The Jews living in Berlin were some of the most assimilated Jews in all of Europe. Why, then, did the Nazis not face more resistance when they began to ship Jews off to concentration camps? The Jews were clearly different from other Berliners, but how were they viewed before the Nazis came into power? Did other German dislike the Jews and want them to be taken away?
In his short story, “The Nowaks”, Christopher Isherwood captures a few different German views toward Jews. There is a Jewish tailor in the neighborhood who sells clothing to people on credit and never pushes for his money back. He is well liked, even though everyone owes him money. “He enjoyed the status of a public character whom people curse without real malice” (p.117). When discussing the tailor with Christoph, Frau Nowak says, ‘ “when Hitler comes, he’ll show these Jews a thing or two. They won’t be so cheeky then” ’(p.117). But Frau Nowak goes on to clarify that she doesn’t want the Jews taken away, saying ‘ “You ask the people round here, Herr Christoph: they’d never turn out the Jews” ’(p.117). This statement seems contradictory to her previous one, and in hindsight, is extremely ironic.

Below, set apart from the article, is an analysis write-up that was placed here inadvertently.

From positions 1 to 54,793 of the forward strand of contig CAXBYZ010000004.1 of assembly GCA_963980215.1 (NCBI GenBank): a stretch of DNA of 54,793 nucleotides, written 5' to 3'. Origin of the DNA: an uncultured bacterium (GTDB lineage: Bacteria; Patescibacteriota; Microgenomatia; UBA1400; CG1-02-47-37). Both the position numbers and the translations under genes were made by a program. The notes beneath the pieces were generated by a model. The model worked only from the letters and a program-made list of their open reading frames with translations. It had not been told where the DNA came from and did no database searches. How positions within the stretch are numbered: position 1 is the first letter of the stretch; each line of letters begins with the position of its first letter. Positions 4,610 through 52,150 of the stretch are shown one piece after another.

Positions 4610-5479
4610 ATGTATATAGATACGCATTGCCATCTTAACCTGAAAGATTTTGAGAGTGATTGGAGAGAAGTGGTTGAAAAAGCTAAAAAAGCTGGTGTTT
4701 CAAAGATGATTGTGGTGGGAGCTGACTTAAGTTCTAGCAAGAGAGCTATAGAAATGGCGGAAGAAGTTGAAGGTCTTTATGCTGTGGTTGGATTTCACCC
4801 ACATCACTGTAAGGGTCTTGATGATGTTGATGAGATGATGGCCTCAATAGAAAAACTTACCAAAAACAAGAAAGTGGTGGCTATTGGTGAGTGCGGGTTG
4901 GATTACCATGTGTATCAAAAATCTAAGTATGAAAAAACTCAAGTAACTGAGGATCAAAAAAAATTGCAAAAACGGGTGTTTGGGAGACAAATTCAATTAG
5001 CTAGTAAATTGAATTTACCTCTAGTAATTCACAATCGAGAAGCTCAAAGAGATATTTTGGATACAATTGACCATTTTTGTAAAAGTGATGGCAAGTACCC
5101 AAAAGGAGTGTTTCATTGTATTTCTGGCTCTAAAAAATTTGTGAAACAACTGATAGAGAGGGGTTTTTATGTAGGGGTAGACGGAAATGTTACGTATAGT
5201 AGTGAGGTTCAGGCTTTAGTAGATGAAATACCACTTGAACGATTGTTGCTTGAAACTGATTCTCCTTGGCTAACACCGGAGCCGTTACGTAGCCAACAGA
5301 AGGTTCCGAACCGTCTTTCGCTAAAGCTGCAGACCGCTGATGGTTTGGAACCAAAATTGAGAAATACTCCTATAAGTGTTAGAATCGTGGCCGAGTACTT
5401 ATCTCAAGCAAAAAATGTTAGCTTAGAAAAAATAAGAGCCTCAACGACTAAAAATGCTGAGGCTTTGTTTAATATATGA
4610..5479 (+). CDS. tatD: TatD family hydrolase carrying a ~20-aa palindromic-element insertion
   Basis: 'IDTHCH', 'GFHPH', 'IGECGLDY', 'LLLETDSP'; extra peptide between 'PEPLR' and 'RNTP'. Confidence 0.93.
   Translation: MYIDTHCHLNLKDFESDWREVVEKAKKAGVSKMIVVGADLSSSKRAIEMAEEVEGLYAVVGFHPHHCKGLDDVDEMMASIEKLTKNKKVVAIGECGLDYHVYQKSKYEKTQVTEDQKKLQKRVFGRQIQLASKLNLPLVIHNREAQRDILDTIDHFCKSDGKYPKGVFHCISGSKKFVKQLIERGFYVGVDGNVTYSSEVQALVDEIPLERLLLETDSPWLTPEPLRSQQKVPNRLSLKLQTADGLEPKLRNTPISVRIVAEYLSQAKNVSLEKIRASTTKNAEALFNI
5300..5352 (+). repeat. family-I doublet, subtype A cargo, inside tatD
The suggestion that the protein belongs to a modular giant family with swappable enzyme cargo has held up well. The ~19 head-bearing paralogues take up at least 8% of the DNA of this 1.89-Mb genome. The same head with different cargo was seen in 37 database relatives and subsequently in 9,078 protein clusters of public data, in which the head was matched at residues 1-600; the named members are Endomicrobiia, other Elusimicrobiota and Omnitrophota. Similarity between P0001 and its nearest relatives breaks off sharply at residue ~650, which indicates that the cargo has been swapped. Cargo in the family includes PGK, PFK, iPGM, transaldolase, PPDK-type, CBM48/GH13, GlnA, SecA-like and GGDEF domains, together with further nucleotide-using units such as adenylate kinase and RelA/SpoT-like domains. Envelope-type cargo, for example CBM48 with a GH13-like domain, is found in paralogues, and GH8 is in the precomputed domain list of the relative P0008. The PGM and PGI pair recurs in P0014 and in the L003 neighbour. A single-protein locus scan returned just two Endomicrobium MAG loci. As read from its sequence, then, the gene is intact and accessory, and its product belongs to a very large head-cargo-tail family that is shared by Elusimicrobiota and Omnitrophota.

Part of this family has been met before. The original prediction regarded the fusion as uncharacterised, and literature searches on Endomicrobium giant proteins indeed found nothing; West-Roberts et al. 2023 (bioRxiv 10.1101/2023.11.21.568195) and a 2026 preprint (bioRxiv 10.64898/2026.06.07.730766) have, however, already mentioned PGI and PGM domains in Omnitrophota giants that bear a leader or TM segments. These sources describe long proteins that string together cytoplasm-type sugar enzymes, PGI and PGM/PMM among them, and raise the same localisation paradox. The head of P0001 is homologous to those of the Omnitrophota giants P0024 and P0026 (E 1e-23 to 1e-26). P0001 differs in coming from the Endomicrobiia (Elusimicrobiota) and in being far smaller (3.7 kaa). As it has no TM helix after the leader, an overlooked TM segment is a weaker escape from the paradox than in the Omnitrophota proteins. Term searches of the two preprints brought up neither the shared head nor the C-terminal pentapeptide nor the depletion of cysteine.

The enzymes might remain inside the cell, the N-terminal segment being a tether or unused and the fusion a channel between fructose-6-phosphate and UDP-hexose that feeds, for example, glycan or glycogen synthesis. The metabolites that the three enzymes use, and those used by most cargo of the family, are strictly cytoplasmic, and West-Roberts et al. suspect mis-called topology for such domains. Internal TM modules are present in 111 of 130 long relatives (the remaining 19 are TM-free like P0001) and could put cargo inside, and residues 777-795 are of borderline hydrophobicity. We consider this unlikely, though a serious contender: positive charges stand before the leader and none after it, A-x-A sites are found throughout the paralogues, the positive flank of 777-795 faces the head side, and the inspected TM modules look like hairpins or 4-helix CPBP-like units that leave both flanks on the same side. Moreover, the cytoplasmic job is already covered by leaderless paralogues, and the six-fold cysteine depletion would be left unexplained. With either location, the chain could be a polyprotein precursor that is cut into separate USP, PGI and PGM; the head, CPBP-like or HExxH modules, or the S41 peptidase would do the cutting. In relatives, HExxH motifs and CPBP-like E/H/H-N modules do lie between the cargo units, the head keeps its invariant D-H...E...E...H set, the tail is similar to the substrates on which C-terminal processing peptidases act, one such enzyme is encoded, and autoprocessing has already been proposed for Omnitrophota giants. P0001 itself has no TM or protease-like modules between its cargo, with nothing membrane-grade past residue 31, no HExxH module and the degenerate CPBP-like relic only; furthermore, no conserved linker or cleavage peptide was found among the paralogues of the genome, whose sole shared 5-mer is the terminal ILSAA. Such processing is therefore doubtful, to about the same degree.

In contrast with his wife, Herr Nowak believes that “we’re all equal as God made us. You’re as good as me; I’m as good as you”(p.110). Herr Nowak, even though he is drunk most of the time and is a working class man, is wise, and probably a communist. He discusses how he and a French soldier met on a road during WWI and parted as “aim”(p.110). He also makes fun of both Jews and Catholics equally, imitating how each group prays (p.123).
The Nowaks don’t seem like people who would turn their Jewish neighbors over to the Nazis, but other Germans did. Frau Nowak said herself that the Jewish tailor gives credit like no Christian would and is well liked, so what does he need to be taught by Hitler? Do the people actually secretly resent him because they owe him money? What was it really about the Jews that bothered Germans?